I asked around and heard back from two artists, two gallerists, and one curator (since the majority requested anonymity, I’m going to treat them all that way). Everyone mentioned a contract. Do you have one? I hope you do, because reviewing it is the first step to resolving this situation. Gallerist Number One said, “Make sure you understand the rights and responsibilities for each party as outlined in the loan documents, the exhibition contract, and any other official documents. Hopefully you’ll be in the position to simply ask the organization to meet their self-described contractual obligations. […] Be sure to document your ongoing communications with the institution’s team regarding any promises about handling, care, events, etc.”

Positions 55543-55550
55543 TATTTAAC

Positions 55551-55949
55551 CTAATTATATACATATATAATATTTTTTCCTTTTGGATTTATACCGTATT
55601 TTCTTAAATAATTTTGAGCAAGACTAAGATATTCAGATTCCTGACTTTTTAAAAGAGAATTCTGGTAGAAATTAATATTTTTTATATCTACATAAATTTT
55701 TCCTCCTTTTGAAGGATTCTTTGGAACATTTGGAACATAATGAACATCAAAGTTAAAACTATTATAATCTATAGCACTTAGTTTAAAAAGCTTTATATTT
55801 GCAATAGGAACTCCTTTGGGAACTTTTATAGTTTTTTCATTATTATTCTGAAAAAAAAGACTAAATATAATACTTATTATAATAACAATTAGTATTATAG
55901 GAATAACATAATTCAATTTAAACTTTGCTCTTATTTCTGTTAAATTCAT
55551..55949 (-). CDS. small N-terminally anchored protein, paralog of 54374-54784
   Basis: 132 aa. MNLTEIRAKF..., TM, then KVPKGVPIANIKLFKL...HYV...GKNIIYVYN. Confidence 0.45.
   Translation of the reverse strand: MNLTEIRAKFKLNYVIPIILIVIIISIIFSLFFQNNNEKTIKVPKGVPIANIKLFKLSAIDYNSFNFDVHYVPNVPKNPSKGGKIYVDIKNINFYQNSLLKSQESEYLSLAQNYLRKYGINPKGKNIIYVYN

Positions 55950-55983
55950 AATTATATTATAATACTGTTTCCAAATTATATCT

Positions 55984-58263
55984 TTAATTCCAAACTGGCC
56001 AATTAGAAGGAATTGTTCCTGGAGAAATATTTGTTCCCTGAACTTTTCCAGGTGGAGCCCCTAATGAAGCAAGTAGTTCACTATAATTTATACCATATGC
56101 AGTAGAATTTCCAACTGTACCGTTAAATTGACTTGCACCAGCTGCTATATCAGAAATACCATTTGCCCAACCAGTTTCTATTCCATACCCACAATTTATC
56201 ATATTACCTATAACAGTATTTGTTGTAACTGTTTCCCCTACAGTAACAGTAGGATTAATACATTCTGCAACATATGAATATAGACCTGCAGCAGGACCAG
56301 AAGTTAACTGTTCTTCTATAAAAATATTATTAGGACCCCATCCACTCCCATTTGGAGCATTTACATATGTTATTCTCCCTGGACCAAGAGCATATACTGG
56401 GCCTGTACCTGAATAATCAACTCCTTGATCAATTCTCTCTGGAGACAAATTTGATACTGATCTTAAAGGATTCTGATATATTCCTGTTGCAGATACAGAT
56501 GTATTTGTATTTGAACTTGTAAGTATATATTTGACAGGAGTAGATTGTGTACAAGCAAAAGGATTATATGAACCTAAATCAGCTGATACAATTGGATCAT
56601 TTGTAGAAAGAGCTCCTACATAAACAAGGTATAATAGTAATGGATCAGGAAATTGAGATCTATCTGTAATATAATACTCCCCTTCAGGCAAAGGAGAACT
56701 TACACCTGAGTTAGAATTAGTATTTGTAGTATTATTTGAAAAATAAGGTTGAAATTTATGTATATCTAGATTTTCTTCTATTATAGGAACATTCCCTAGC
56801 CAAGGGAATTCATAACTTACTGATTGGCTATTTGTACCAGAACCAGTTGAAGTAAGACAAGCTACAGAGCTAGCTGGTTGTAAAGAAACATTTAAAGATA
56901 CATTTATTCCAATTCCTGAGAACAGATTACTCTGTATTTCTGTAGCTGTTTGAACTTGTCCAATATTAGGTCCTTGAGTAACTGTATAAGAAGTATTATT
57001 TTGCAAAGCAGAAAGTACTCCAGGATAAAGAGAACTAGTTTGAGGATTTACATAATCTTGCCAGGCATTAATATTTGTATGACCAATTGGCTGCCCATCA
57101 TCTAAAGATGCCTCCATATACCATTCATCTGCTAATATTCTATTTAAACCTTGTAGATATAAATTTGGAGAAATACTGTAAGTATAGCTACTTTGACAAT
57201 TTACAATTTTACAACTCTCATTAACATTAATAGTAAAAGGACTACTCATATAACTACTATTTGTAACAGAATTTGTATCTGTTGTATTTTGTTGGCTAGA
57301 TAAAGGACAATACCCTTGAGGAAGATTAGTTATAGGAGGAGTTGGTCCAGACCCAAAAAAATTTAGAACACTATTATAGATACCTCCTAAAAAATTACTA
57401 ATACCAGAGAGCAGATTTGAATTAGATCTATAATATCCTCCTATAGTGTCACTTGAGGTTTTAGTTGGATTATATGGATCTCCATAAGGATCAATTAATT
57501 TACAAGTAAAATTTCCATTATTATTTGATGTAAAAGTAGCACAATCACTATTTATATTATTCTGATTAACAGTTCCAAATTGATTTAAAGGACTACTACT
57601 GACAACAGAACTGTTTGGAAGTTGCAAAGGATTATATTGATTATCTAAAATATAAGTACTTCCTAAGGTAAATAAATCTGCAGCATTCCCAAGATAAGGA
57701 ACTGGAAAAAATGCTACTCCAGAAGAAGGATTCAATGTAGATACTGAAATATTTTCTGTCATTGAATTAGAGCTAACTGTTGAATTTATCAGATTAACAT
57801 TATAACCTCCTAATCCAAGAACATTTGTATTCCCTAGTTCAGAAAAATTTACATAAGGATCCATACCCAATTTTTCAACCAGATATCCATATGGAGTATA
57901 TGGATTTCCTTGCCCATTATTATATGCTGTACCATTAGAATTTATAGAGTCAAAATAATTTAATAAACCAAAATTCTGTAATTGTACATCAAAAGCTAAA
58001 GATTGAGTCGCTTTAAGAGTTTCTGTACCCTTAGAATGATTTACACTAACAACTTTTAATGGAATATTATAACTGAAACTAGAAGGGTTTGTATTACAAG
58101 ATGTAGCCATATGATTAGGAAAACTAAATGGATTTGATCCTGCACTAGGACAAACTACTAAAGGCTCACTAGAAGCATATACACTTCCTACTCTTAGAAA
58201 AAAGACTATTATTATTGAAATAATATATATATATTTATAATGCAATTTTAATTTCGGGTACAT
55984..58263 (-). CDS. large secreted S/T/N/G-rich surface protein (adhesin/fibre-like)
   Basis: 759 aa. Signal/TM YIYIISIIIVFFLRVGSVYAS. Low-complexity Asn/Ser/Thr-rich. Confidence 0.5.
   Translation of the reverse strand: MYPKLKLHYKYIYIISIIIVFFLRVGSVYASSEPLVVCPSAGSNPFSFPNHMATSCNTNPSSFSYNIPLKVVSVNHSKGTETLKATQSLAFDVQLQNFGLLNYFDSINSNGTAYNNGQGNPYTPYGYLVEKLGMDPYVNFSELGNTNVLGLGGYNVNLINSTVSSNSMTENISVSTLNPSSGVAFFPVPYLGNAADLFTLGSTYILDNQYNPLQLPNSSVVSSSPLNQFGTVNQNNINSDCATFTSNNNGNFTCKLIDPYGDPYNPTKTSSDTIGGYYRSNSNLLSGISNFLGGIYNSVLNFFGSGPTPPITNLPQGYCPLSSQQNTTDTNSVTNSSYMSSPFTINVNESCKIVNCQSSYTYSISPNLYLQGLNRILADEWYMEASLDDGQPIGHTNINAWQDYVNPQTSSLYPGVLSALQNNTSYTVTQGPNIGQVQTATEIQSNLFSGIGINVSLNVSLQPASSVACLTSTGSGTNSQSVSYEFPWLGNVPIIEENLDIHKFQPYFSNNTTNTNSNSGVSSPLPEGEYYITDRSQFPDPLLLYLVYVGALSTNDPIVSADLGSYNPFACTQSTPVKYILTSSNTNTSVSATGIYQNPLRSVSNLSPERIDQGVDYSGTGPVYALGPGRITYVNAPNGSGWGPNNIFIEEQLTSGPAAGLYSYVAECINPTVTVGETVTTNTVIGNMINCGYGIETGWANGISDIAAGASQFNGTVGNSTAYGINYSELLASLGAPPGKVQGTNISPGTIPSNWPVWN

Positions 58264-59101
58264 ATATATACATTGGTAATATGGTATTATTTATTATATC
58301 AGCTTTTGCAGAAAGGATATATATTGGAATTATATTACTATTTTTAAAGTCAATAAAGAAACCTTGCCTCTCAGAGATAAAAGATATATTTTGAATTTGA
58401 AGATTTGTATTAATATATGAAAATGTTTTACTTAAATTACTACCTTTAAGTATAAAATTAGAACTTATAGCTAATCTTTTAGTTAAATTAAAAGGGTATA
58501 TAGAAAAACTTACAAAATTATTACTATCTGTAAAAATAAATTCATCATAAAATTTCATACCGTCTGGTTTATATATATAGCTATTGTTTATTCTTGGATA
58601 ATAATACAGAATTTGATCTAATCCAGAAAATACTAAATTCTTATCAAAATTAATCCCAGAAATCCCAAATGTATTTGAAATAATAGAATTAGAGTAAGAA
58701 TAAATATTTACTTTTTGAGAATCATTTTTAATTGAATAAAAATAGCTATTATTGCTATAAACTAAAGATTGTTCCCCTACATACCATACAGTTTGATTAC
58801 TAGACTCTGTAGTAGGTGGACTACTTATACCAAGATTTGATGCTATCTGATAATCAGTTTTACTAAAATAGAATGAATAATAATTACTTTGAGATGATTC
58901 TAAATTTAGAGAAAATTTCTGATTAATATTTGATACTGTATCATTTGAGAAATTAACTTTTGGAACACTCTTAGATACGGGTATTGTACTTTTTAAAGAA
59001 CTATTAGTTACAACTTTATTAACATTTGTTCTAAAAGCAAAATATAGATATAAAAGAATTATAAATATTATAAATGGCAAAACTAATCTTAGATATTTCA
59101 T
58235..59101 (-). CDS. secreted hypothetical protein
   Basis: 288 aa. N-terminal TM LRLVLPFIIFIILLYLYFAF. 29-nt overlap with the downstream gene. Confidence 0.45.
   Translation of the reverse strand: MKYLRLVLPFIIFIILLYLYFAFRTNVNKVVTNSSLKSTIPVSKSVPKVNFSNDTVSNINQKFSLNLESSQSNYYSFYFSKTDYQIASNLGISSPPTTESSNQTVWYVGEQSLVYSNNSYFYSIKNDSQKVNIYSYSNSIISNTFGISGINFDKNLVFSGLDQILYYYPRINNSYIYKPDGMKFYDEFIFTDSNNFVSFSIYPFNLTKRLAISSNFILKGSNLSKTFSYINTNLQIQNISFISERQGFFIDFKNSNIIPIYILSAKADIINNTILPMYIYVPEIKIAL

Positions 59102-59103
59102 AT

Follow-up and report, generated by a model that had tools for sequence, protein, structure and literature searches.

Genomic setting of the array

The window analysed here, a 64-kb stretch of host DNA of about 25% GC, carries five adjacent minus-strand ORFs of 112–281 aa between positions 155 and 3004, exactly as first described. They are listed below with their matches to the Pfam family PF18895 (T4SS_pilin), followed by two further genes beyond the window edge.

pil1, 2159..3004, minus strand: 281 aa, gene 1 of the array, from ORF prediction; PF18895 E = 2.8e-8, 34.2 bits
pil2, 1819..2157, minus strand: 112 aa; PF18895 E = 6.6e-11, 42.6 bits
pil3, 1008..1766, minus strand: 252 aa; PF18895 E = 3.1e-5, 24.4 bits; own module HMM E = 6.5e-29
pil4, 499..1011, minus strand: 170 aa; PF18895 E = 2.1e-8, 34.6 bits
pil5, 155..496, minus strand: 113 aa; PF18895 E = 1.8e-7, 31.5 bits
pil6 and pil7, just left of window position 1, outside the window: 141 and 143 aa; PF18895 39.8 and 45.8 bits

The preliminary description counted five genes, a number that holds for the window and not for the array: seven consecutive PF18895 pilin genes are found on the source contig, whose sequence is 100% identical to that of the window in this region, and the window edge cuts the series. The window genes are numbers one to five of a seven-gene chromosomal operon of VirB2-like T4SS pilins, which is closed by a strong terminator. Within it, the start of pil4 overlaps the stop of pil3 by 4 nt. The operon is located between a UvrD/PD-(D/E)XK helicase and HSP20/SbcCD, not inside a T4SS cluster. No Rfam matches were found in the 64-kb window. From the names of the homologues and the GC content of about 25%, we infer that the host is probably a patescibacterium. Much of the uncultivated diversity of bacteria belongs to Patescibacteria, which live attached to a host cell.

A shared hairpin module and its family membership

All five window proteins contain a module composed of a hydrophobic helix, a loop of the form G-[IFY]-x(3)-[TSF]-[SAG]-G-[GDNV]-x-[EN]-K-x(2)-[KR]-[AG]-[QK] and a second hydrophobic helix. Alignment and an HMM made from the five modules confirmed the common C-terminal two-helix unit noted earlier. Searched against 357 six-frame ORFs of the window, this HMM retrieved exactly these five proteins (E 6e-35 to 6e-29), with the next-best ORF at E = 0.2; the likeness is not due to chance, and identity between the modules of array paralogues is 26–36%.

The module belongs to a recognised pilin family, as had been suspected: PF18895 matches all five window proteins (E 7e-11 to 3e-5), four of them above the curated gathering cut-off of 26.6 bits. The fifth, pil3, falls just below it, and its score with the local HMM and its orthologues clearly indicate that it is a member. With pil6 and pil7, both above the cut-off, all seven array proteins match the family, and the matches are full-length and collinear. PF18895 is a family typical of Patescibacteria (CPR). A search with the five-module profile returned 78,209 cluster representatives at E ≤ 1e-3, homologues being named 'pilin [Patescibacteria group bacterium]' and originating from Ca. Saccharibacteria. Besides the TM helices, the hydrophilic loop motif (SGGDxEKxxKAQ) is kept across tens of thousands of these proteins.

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Shotgun Reviews

Jillian Mayer: Touchers at Aspect/Ratio

Shotgun Reviews are an open forum where we invite the international art community to contribute timely, short-format responses to an exhibition or event. If you are interested in submitting a Shotgun Review, please click this link for more information. In this Shotgun Review, Nicole Lane reviews Jillian Mayer: Touchers at Aspect/Ratio in Chicago.

Jillian Mayer. 34.11° N, -118.26° W at 53’ inches, 2015; 46.2 x 26 in. Photograph printed on fabric. Courtesy of the Artist, Aspect/Ratio Chicago, and David Castillo, Miami.

Jillian Mayer. 34.11° N, -118.26° W at 53’ Inches, 2015; photograph printed on fabric; 46.2 x 26 in. Courtesy of the Artist, Aspect/Ratio Chicago, and David Castillo, Miami.